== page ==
Duchenne Muscular Dystrophy (DMD)

DMD: Eteplirsen Data Still Encouraging After Three Years

Boys with Duchenne muscular dystrophy (DMD) caused by specific genetic mutations who were treated with the experimental drug eteplirsen for 168 weeks (3.2 years) continued to show an advantage in the distance they were able to walk compared to those treated with the drug for only 144 weeks (2.8 years), although all boys had declined in walking distance since the start of this phase 2b trial of eteplirsen.

PTC Begins Submission of New Drug Application for DMD Stop Codon Read-Through Drug

New Jersey-based PTC Therapeutics has begun submitting a rolling new drug application (NDA) to the U.S. Food and Drug Administration (FDA) for the approval of its experimental drug for the treatment of Duchenne muscular dystrophy (DMD) caused by specific flaws (mutations) in the dystrophin gene.

Myostatin Blocker To Be Tested in DMD

Multinational pharmaceutical comany Pfizer recently opened a phase 2 study of an experimental compound that may be beneficial in Duchenne muscular dystrophy (DMD) through its ability to block myostatin, a naturally occurring protein that is known to limit muscle growth.

DMD: Utrophin Modulator SMT C1100 To Undergo Further Testing

SMT C1100, an experimental compound designed to boost levels of the potentially therapeutic protein utrophin in patients with Duchenne muscular dystrophy (DMD), will undergo further testing in boys with this disorder along with dietary specifications that may improve its absorption by the body, its developer has announced.

Sarepta Reaffirms Commitment to Eteplirsen, Other DMD Drugs

Cambridge, Mass.-based Sarepta Therapeutics, developer of eteplirsen and other "exon-skipping" drugs designed  to treat Duchenne muscular dystrophy (DMD), provided overall reassurance about eteplirsen's development and some details of future plans to the DMD community in a Dec.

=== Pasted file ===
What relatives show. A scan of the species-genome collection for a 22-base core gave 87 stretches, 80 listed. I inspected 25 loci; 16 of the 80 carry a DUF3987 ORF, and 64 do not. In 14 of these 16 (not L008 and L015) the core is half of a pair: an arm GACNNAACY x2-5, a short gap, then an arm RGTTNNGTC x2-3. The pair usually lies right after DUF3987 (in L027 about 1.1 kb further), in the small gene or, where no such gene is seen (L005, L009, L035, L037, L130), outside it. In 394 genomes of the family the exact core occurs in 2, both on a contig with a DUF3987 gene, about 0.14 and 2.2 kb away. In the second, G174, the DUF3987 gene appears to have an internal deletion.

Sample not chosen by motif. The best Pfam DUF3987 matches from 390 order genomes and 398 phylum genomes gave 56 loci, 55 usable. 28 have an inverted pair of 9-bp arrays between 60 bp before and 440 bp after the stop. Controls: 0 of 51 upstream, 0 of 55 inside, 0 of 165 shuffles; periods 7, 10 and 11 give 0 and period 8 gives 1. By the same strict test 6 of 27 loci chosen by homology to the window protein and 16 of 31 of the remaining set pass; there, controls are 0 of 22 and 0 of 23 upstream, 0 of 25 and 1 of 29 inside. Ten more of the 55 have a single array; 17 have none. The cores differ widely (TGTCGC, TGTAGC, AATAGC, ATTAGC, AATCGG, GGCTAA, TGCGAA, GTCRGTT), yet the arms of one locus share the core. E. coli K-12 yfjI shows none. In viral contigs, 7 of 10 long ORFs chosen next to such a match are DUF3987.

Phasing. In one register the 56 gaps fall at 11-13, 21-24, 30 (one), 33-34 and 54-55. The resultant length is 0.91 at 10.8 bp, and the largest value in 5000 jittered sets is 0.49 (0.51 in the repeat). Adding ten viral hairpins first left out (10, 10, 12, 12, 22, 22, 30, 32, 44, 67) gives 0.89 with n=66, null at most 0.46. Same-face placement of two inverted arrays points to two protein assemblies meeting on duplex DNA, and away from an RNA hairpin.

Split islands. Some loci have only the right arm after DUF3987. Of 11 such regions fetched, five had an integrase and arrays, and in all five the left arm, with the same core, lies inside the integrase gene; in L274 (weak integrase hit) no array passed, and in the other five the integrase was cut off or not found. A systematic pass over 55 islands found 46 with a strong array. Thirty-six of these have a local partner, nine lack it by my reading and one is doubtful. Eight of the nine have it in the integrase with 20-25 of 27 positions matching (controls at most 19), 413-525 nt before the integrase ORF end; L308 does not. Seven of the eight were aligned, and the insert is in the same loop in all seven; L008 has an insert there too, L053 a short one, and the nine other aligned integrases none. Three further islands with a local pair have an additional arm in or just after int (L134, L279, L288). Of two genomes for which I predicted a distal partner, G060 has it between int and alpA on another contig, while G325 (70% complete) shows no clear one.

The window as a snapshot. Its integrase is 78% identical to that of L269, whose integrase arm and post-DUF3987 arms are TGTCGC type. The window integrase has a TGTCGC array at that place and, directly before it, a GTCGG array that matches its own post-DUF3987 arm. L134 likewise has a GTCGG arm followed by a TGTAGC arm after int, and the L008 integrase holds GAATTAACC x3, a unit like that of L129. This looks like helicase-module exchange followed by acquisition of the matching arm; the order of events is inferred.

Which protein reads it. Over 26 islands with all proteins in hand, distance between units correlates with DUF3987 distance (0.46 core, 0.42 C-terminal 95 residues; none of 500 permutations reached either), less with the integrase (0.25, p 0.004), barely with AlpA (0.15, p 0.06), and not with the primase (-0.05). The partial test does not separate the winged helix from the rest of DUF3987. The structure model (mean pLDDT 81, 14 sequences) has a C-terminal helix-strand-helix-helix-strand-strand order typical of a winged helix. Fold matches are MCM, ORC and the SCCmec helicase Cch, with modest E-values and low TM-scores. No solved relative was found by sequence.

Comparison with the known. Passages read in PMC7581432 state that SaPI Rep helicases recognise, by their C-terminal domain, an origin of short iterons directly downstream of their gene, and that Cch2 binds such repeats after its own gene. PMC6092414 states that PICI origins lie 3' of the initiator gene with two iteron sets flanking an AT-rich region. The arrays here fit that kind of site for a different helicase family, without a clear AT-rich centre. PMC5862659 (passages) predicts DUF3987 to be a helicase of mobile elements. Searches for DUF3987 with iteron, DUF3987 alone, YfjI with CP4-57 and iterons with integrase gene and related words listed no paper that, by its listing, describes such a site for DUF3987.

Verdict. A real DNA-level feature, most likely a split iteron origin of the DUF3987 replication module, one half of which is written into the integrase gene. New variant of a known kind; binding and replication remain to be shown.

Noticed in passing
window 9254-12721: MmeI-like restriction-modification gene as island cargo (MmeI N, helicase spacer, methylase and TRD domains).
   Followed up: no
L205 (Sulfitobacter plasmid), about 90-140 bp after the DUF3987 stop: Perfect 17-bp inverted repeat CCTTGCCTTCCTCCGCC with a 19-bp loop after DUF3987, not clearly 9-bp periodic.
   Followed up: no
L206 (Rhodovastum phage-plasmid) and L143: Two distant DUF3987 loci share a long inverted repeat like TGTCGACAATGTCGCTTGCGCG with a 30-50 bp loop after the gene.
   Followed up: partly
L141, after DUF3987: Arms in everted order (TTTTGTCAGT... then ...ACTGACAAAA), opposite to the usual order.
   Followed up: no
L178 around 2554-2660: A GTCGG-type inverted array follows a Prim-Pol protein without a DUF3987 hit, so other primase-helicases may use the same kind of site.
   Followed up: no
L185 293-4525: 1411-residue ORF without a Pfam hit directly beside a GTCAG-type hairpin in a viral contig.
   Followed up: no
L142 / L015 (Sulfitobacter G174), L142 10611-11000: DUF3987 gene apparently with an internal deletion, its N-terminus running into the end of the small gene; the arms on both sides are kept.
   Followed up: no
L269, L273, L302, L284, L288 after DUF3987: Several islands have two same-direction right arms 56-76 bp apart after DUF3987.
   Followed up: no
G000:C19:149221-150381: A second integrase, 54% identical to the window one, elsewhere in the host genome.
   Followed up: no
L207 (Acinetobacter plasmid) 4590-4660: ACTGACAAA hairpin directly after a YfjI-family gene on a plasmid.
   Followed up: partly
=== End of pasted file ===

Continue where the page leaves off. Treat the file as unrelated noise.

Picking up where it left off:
BMD: Follistatin Gene Transfer Results Encouraging

Results from a trial involving injection of genes for the follistatin protein into the thigh muscles of both legs in six men with Becker muscular dystrophy (BMD) show the experimental treatment appears safe and and was associated with improvement in walking ability (distance walked in six minutes) in four of the six trial participants.

DMD - Darek Gorecki, Ph.D.

Darek Gorecki, a professor of molecular medicine at the University of Portsmouth in the United Kingdom, has been awarded an MDA research grant totaling $253,800 over three years to study whether blocking a specific receptor (molecular docking site) that enhances inflammation can be beneficial to muscle fibers affected by Duchenne muscular dystrophy (DMD). He will conduct experiments in mice.

Funding for this MDA research grant began May 1, 2014.

DMD - Nicoletta Filigheddu, Ph.D.

Nicoletta Filigheddu, a molecular biologist at the University of Piemonte Orientale Amedeo Avogadro in Italy, has been awarded an MDA research grant totaling $253,800 over three years to investigate whether a hormone called ghrelin can improve muscle regeneration or the success of muscle stem cell transplantation in mice with a disorder mimicking Duchenne muscular dystrophy (DMD).

Funding for this MDA research grant began May 1, 2014.

DMD - Federica Montanaro, Ph.D.

Federica Montanaro, Ph.D., a principal investigator at the Center for Gene Therapy at Nationwide Children's Hospital in Columbus, Ohio, and an assistant professor of pediatrics at Ohio State University, was awarded an MDA research grant totaling $253,800 over three years to study how decreased activity in a biochemical signaling pathway called "hedgehog" affects muscle stem cells during muscle repair. She will find out whether increasing hedgehog signaling in mice with a DMD-like disorder preserves muscle function.

DMD - Dongsheng Duan, Ph.D.

Dongsheng Duan, a professor in the Department of Molecular Microbiology & Immunology at the University of Missouri in Columbia, has received an MDA research infrastructure grant totaling $169,200 over two years to develop and maintain a national canine tissue bank so that investigators studying Duchenne muscular dystrophy (DMD) will have access to normal and dystrophin-deficient  tissue samples taken from dogs. Dystrophin is the muscle protein that is missing in DMD patients.